Three AmigosAs a way to provide fair and balanced coverage, the Real Wisconsin News is providing the conservative analysis of the economic crisis as discussed on conservative talk radio by Rush Limbaugh, Mark Belling and Sean Hannity, as well as, on Fox News.  First we list a factual chronology of how the crisis developed.

1977 President Carter signs the Community Development Act which stated that financial institutions are required by law to demonstrate that their deposit facilities serve the convenience and needs of the communities in which they are chartered to do business.

1977 to 1999 subprime mortgages grow at about the rate of inflation to about $160b of subprime loans with a default rate of about 2% as the CDA was offset by strong anti-predatory lending laws and state enforcement.

1999 Hank Paulson, CEO of Goldman Sachs and future U.S. Treasury Secretary under George W. Bush, testifies to Congress that the banking and investment industries should be further deregulated.

In 1999 Phil Gramm (R-Texas) champions the Gramm-Leach-Bliley Act which largely deregulated the financial industry by ending Depression Era laws and allowing Fannie Mae and Freddie Mac to take on riskier loans.  Republican Congress passes bill, President Clinton signs the bill into law.

In 2002 the Executive branch of government begins federal pre-emption policy telling state Attorney Generals to not enforce state laws on predatory lending and instead enforce less stringent federal laws.

In 2002 at the urging of Republican Congress and White House, Federal Reserve Chairman Alan Greenspan loosens credit and floods market with dollars.

In 2002, the budget for white collar crime enforcement at the FBI was cut by over 30%.

In June 2002, President Bush issued America's Homeownership Challenge to the real estate and mortgage finance industries to encourage them to join the effort to close the gap that exists between the homeownership rates of minorities and non-minorities. Subprime lenders pop up in strip malls across America.  The President also announced the goal of increasing the number of minority homeowners by at least 5.5 million families before the end of the decade.

In 2003 the biggest five investment banks ask the SEC to lift the 12:1 leverage limit on investment banks.  This limit implies that losses do not occur unless at least 8.33% (1/12) of loans made default.   

In 2004 the FBI notified the Executive Branch of the Federal Government that there were serious problems with mortgage lenders in general and predatory lending in particular.  The FBI requested for a third year in a row additional funding to pursue these investigations but was denied.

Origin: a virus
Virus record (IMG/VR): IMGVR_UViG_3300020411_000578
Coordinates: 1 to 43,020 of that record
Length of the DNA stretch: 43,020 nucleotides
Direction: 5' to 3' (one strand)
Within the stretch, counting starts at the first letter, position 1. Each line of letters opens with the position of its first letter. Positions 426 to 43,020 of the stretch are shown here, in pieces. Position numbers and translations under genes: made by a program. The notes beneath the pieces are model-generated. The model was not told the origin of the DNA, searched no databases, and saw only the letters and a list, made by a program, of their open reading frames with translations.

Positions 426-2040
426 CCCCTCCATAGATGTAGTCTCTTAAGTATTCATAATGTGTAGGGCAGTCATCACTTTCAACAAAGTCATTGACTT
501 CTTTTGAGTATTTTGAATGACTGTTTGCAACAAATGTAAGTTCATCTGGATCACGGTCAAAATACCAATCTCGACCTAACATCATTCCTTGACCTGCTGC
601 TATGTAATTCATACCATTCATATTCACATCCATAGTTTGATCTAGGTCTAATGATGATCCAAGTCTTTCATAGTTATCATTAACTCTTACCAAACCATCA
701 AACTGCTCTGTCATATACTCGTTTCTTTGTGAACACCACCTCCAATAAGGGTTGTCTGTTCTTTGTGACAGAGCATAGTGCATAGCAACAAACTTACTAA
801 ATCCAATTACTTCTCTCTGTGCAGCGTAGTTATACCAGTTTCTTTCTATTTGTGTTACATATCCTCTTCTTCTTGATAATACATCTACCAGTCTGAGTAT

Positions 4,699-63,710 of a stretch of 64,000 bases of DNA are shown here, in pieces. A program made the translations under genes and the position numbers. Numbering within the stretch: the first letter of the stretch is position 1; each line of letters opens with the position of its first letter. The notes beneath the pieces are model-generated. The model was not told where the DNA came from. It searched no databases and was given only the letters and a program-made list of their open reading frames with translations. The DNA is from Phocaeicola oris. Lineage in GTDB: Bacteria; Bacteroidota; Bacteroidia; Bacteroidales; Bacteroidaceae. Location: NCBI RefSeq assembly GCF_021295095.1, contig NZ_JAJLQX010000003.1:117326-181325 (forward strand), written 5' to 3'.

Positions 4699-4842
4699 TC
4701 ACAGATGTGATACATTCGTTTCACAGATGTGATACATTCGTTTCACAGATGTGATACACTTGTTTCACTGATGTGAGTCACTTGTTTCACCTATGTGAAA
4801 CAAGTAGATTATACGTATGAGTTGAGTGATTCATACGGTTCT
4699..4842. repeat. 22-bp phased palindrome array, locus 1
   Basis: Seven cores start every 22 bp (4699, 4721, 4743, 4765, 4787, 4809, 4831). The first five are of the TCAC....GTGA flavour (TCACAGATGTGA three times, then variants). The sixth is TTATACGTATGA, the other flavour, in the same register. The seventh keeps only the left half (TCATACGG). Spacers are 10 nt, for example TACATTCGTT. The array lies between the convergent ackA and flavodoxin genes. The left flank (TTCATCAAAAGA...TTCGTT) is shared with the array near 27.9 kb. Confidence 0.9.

In 2004 federal pre-emption of state anti-predatory lending laws becomes rule, via directive of the Office of the Comptroller of Currency, a division of Treasury (Bush appointees).

In 2004 the SEC grants the biggest five investment banks- Goldman Sachs, Merrill Lynch, Morgan Stanley, Lehman Brothers and Bear Stearns- the ability to leverage their balance sheets at 40:1, which implies that losses occur when 2.5% of loans default (1/40).

In 2005 dollar begins to tank due to huge money supply and soaring U.S. debts.

From 2002 to 2006, ratings agencies rate securities loaded with subprime debt as AAA allowing products to be sold into all manner of investment funds including pensions, university endowments, bank portfolios, etc…

By 2007 subprime loans grew to about $700b (wow).

In 2007 energy prices (and other commodities such as food) soar, making paying mortgages and other expenses more difficult for middle Americans.

In 2007 biggest five investment banks pay out record bonuses.

From 2001 to 2007 Wall Street firms pay out record bonuses of about $700b (hmmm).

In 2008 foreclosures soar approaching 9% and show no sign of abating until late 2009.

In 2008 Bear Stearns, Lehman Brothers, Merrill Lynch, Goldman Sachs and Morgan Stanley cease to exist as before as all had to recapitalize, go bust, re-charter or be bought for less than 10% of their recent value.   In an interesting twist, because only one of the firms was allowed to go bankrupt by former Goldman Sachs Exec and U.S. Treasury Department head Hank Paulson, none of the firms' management was required to pay back the billions of dollars in bonuses they had received the past five years- as bankruptcy judges are allowed to order.  Also interestingly (at least for conspiracy theorists), Lehman Brothers, the one firm that was allowed to go bankrupt was considerably disliked by execs at the other four firms due to various actions taken by Lehman against their firms in past years. 

In 2008 bank failures soar and experts anticipate number will rise substantially.

In 2008 credit so seized up that banks won't lend to each other for longer than a day, creating a cash shortage and forcing many businesses to cut expenses decreasing employment levels to their lowest percentage of eligible workforce since the Reagan administration.

In 2008 Letters of Credit from banks to business become scarce slowing business to business commerce.  If this trend continues, the feared “Great Depression II” scenario becomes much more likely.

2008 the Paulson Plan, as it is dubbed after former Goldman Sachs CEO and current U.S. Treasury Secretary, is submitted and eventually passed by Congress for $700b (wait a second).

In 2008 bailouts of financial institutions by the Federal Government will exceed $1.6 trillion, causing inflation in core goods.  All the while the economy is noticeably slowing, household income is down, unemployment continues to ramp up and trillions has been lost on investments.

Conservative analysis as heard on conservative talk radio and Fox News:

It's all Bill Clinton's fault, vote Republican.

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